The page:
The Angels, who are also next to the shelter site, responded by donating $50,000 to the construction of the shelter.
Moreno asked City Manager Chris Zapata why the city wasn’t leasing the facility itself, rather than Visit Anaheim Cares.
“This is a fast -moving train,” said Zapata. “It’s been suggested with our partners this could happen quicker while we work on other projects – basically oversee and ram-rod this project with city staff to the extent we can but utilize the approach from the private sector to get this done in the next twenty days.”
Bill Taormina later added that having Visit Anaheim Cares be the lessee takes the city out of risk.
Illumination Foundation President Paul Leon urged the council to approve the agreement and assured them it would be an immediate benefit to the city’s homeless.
“We had already started to ramp up for the Piano Store,” Foundation President Paul Leon told the city council. “So the $800,000, again, a lot of that will go over to the Piano Store – we basically got a head start of two days.”
“The costs are security, beds – that we can transfer over [to the Piano Store],” said Leon. “The big cost is temporary showers, toilets, sinks. They’re costly to bring in because they’re all self-contained.
Leon said there will be limited services but they will bring in counselors, provide medical, mental health and drug dependency services and there will be a dog kennel and dog run.
“It will be a safe place, a humane place,” said Leon. He described the current conditions in places like the Maxell Park encampment as a “public health nightmare” and called it “blessing the proposed temporary emergency shelter on State College “a blessing.”
“By the grace of God, and public-private partnerships, this is a blessing to be able to move them in a facility that we can provide as many services as we can, as fast as we can.”
Leon noted while services will be at the standard but not to the extent that will be available at the Piano Store, “they will be safe, people will be treated with dignity, they will be taken off the street.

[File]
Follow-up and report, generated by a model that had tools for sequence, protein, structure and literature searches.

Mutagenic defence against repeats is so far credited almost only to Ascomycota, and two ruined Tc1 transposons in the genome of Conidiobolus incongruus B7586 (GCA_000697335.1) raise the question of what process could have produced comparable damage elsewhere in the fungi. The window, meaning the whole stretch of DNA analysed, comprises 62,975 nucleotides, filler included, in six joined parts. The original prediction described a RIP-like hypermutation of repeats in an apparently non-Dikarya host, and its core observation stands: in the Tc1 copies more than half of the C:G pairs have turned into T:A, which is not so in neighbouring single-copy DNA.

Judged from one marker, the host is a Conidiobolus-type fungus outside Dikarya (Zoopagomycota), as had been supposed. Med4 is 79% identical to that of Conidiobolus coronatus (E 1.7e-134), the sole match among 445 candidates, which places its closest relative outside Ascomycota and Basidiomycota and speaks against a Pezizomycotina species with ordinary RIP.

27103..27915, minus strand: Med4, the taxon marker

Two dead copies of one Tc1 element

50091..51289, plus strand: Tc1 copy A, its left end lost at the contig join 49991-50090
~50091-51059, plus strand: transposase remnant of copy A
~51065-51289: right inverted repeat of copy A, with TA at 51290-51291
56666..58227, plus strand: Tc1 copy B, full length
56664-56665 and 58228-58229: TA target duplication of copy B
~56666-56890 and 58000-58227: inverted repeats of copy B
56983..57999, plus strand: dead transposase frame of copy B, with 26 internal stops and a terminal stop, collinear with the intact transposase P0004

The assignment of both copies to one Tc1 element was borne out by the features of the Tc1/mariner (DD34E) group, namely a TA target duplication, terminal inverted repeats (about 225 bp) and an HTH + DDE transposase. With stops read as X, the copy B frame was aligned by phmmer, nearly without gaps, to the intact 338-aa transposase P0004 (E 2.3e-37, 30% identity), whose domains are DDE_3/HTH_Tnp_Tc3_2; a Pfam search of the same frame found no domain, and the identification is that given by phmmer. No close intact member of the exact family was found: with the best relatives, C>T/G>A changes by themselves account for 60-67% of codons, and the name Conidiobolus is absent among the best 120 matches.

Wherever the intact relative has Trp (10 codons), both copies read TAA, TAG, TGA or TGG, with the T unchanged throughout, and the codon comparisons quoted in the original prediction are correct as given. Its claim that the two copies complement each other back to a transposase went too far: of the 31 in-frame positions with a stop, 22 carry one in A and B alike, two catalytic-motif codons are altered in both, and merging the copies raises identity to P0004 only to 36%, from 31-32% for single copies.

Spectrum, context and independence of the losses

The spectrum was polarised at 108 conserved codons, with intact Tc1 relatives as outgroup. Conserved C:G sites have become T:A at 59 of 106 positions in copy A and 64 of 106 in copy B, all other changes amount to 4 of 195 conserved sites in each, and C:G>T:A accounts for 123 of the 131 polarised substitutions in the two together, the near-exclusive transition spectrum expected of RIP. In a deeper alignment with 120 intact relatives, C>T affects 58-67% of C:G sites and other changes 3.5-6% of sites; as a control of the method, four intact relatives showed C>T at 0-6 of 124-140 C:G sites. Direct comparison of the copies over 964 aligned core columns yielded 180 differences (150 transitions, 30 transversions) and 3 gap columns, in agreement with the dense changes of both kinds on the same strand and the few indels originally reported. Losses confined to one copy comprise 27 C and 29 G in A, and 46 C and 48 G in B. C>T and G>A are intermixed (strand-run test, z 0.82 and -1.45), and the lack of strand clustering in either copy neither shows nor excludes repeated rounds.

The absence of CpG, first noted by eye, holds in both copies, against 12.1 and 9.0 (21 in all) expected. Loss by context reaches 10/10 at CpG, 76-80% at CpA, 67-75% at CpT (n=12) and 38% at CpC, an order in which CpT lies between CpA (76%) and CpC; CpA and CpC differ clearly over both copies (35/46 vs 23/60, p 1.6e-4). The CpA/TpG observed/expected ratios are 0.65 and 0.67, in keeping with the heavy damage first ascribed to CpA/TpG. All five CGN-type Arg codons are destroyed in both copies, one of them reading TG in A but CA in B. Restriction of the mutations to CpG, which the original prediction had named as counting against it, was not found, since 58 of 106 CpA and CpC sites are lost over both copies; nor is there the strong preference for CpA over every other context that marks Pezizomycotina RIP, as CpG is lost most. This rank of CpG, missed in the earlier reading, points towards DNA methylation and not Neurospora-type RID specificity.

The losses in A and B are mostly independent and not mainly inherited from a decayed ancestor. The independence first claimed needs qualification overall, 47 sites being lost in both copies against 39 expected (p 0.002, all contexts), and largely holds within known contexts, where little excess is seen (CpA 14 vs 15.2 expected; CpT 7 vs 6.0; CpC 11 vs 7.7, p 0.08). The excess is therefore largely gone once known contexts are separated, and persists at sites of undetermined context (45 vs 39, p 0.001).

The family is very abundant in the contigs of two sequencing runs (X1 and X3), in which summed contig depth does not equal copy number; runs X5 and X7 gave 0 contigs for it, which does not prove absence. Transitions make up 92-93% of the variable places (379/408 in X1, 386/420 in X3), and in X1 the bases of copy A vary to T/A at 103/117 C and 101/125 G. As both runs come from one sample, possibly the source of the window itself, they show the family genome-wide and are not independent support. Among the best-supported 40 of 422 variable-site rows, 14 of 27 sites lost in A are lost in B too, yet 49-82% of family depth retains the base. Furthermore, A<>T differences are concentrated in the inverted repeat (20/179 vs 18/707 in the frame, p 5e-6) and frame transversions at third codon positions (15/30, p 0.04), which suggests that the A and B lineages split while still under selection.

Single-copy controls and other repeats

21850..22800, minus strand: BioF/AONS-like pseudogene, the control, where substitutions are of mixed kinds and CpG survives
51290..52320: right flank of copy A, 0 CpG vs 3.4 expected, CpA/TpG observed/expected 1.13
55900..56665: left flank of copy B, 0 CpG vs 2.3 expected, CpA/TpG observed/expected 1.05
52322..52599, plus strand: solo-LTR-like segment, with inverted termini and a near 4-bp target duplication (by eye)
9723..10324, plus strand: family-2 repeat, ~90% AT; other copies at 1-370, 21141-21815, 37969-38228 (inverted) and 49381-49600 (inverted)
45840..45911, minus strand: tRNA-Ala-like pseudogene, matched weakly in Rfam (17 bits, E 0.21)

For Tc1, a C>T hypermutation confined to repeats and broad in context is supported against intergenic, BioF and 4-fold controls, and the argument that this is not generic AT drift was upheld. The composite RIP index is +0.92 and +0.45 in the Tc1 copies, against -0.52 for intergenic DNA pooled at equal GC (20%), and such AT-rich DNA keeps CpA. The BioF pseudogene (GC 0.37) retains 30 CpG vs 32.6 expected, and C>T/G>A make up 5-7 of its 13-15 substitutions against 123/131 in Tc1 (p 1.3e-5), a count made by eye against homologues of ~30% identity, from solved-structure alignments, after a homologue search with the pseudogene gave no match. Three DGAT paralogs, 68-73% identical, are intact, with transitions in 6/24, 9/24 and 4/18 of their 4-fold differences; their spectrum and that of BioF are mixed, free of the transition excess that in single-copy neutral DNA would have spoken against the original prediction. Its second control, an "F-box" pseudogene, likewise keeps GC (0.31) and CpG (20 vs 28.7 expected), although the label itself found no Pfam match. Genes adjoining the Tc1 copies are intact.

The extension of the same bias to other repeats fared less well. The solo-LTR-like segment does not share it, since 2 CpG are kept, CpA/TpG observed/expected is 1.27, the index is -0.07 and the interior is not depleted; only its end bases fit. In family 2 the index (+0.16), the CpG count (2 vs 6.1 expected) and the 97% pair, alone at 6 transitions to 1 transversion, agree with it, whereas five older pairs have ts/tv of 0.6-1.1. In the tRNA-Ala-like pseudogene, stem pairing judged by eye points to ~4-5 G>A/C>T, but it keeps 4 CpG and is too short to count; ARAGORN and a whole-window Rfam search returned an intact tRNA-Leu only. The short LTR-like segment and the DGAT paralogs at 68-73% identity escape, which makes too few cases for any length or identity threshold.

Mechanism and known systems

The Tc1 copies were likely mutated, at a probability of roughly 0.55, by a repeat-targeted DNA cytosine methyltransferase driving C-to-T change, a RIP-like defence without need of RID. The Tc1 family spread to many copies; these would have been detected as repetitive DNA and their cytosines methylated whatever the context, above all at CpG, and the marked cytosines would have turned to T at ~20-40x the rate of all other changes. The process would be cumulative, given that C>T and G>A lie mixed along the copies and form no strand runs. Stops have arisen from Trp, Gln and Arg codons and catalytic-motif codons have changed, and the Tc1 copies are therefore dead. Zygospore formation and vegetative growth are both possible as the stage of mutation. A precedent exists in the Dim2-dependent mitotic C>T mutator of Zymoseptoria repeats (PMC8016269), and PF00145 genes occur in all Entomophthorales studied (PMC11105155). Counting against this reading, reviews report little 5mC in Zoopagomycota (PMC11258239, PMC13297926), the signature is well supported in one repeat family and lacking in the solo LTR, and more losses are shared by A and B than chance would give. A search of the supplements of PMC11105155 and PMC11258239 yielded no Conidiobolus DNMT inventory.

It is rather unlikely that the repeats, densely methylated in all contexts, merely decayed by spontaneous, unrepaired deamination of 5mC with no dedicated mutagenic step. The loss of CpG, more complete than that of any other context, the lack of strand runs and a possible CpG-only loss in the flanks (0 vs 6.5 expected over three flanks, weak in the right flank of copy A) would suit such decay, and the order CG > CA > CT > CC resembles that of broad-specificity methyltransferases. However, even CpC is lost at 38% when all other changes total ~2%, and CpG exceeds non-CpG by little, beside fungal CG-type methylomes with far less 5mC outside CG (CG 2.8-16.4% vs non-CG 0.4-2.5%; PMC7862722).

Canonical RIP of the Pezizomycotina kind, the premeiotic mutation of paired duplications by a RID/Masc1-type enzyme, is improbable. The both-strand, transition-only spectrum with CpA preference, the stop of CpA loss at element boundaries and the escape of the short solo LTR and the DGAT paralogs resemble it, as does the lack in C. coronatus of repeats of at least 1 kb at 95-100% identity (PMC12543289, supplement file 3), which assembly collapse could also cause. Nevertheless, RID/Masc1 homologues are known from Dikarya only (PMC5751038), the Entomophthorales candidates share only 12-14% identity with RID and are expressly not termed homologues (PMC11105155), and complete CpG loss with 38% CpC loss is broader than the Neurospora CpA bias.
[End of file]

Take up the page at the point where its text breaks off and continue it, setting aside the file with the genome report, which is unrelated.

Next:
District 5 Councilman Steve Faessel Opposed
District 5 Councilman Steve Faessel pointed out that the Piano Store homeless shelter plan approved earlier this week, as well as the city-owned Center of Hope homeless shelter and County’s Bridges at Kraemer homeless shelter are all in his district. He said he has been “deluged” with calls from his constituents over this latest shelter plan, which will also be in District 5.
“I have been deluged over the last three days since this was announced, by my District 5 residents [and] businesses…that there is concern,” said Faessel. “And it’s not a NIMBY concern – I think District 5 has done more than its share. I believe Anaheim has done more than its share.”
“However, I cannot support this based on the fact that I have heard no other options, no other alternatives, no other spaces that this could be put, or any of these could be put, other than District 5,” said Faessel.
Anaheim Businessman Bill Taormina Indemnifies City
In order to overcome concerns about legal costs or unforeseen financial impacts on the city, Anaheim businessman and philanthropist Bill Taormina offered to sign an indemnification agreement and pay any legal costs incurred by the city.
Taormina went even further: if legal challenges delay the opening of the State College emergency shelter after city funds have been spent to convert the space into a shelter, Taormina pledged to reimburse the city.
“I will guarantee that, too. I will guarantee that any penny you spend, if this fails, will be returned in total to the city of Anaheim – including legal fees if Mr. Lyon [owner of The George] sues the city,” said Taormina. “I don’t know what else I can tell you – you have zero risk.”
Taormina’s pledge flipped Moreno from a “no” to a “yes” vote, and the agreement was approved 6-1, with Councilman Faessel opposed.